gothic literature n.
Skip this Video
Loading SlideShow in 5 Seconds..
Gothic literature PowerPoint Presentation
Download Presentation
Gothic literature

Loading in 2 Seconds...

play fullscreen
1 / 13

Gothic literature - PowerPoint PPT Presentation

  • Uploaded on

Gothic literature. The History. Traced to early folklore 17 th century works—like Macbeth —served as precursors to the 18 th and 19 th century Gothic novel and drama Edmund Burke’s A Philosophical Enquiry into the Origin of Our Ideas of the Sublime and Beautiful (1757)

I am the owner, or an agent authorized to act on behalf of the owner, of the copyrighted work described.
Download Presentation

PowerPoint Slideshow about 'Gothic literature' - louis

An Image/Link below is provided (as is) to download presentation

Download Policy: Content on the Website is provided to you AS IS for your information and personal use and may not be sold / licensed / shared on other websites without getting consent from its author.While downloading, if for some reason you are not able to download a presentation, the publisher may have deleted the file from their server.

- - - - - - - - - - - - - - - - - - - - - - - - - - E N D - - - - - - - - - - - - - - - - - - - - - - - - - -
Presentation Transcript
the history
The History
  • Traced to early folklore
  • 17th century works—like Macbeth—served as precursors to the 18th and 19th century Gothic novel and drama
  • Edmund Burke’s A Philosophical Enquiry into the Origin of Our Ideas of the Sublime and Beautiful (1757)
  • Gothic literature reflects the social and political climate of the time

It’s called “Gothic” because gothic-style settings—like castles, mansions, and monasteries—served well as backdrops for such dark literature.

the run down
Genre deals with emotional extremes and very dark themes; it examines our deepest, darkest fears—both real and imaginary.

Gothic lit often incorporates supernatural elements, demons, and apparitions.

Meant to terrorize the reader—but also draw them in

The run-down…
common characteristics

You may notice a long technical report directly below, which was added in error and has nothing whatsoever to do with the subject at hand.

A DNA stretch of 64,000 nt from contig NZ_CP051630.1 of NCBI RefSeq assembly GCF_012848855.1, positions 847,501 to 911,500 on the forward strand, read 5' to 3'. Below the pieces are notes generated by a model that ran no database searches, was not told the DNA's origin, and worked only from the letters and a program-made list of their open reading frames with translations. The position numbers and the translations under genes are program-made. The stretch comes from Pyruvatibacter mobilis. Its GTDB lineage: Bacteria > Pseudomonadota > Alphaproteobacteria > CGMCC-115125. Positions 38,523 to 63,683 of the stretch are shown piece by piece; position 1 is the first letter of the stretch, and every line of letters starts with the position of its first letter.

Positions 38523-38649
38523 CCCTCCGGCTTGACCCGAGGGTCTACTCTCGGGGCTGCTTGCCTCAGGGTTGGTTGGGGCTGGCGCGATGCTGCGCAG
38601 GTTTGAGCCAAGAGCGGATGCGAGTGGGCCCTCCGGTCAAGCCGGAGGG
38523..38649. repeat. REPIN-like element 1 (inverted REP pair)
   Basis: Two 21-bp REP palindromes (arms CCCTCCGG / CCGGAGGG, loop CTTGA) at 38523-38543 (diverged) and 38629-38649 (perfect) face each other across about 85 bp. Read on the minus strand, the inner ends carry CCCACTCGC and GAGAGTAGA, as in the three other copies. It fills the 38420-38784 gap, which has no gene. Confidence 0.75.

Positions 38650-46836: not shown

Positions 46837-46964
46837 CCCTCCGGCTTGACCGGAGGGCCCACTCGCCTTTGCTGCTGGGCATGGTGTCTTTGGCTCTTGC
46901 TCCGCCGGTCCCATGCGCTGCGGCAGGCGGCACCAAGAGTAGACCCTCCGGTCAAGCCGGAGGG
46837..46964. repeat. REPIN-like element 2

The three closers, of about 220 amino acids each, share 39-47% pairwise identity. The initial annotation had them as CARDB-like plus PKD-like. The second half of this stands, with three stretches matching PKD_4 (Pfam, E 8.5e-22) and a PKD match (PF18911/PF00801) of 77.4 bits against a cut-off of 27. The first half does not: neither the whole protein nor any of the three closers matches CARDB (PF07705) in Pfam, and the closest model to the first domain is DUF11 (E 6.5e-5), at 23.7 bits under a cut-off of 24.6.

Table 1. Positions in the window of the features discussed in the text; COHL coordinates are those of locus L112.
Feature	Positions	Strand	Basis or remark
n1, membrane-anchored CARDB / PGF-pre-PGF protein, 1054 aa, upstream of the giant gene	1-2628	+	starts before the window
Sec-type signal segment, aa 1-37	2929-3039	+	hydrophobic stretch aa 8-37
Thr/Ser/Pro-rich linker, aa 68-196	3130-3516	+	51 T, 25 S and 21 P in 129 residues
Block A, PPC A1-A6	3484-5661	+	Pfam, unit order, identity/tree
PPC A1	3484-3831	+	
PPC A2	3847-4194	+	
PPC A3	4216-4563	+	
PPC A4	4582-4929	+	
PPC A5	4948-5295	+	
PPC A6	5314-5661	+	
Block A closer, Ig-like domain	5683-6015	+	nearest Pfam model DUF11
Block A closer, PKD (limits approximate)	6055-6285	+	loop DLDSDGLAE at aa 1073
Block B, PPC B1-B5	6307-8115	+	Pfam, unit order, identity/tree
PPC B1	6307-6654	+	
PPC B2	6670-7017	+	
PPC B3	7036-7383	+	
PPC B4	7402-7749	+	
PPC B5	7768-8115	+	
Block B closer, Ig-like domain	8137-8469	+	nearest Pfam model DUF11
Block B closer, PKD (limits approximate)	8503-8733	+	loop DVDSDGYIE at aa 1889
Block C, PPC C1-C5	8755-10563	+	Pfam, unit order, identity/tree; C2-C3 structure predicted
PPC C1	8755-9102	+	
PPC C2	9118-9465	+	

Common characteristics
  • Victim is helpless against his torturer
  • Torturer has immense power, sometimes supernatural
  • Victim is often trapped by impenetrable walls—physical or psychological
  • Atmosphere of mystery, darkness, oppressiveness
  • Mysterious disappearances and reappearances
  • Melodramatically violent and psychologically abnormal
famous to some authors
Famous (to some)Authors
  • Horace Walpole's novel The Castle of Otranto (1764) is considered to be the first gothic novel
  • Perce Bysshe Shelley
  • Mary Shelley—Frankenstein
  • Edgar Allen Poe
  • Bram Stoker—Dracula
gothic character archetypes


Persecuted Maidens





Femmes Fatale


Gothic Character Archetypes
southern gothic
Southern Gothic
  • Developed out of the 19th Century Gothic novel
  • Gothic lit examines a world different than our own + the South held values and attributes not necessarily welcome in the rest of the country = Southern Gothic
  • It uses supernatural and unusual events not to terrorize, but to address social and class issues
  • Issues of race, alienation, and otherness are central to Southern Gothic
    • Freakishness: character is set aside by disability or viewpoint of the world
  • Uses a spin on gothic archetypes
    • Archetypes become American Southerners
    • Monster becomes an uneducated drunk
  • Use of the grotesque
    • Character’s negative qualities allows author to examine unsavory aspects of society
    • Something in the town, house, or farm is bizarre and often falling apart
    • often the result of racial or social tension
  • Sense of place
    • Southern Gothic settings feel “Southern”
    • Old, run-down towns; porches with rocking chairs, etc.
  • Broken bodies and broken souls
    • Problems created by social norm
    • Questions establishment’s ethics and justification
  • Morality is in question; what is the innocent’s place in the world?
    • Often asked to be the redeemer
  • Purity of heart rarely overpowers desperation
famous authors
Famous Authors
  • William Faulkner
  • Tennessee Williams
  • Flannery O’Connor
  • Eudora Welty
  • Carson McCullers
  • Truman Capote
  • Harper Lee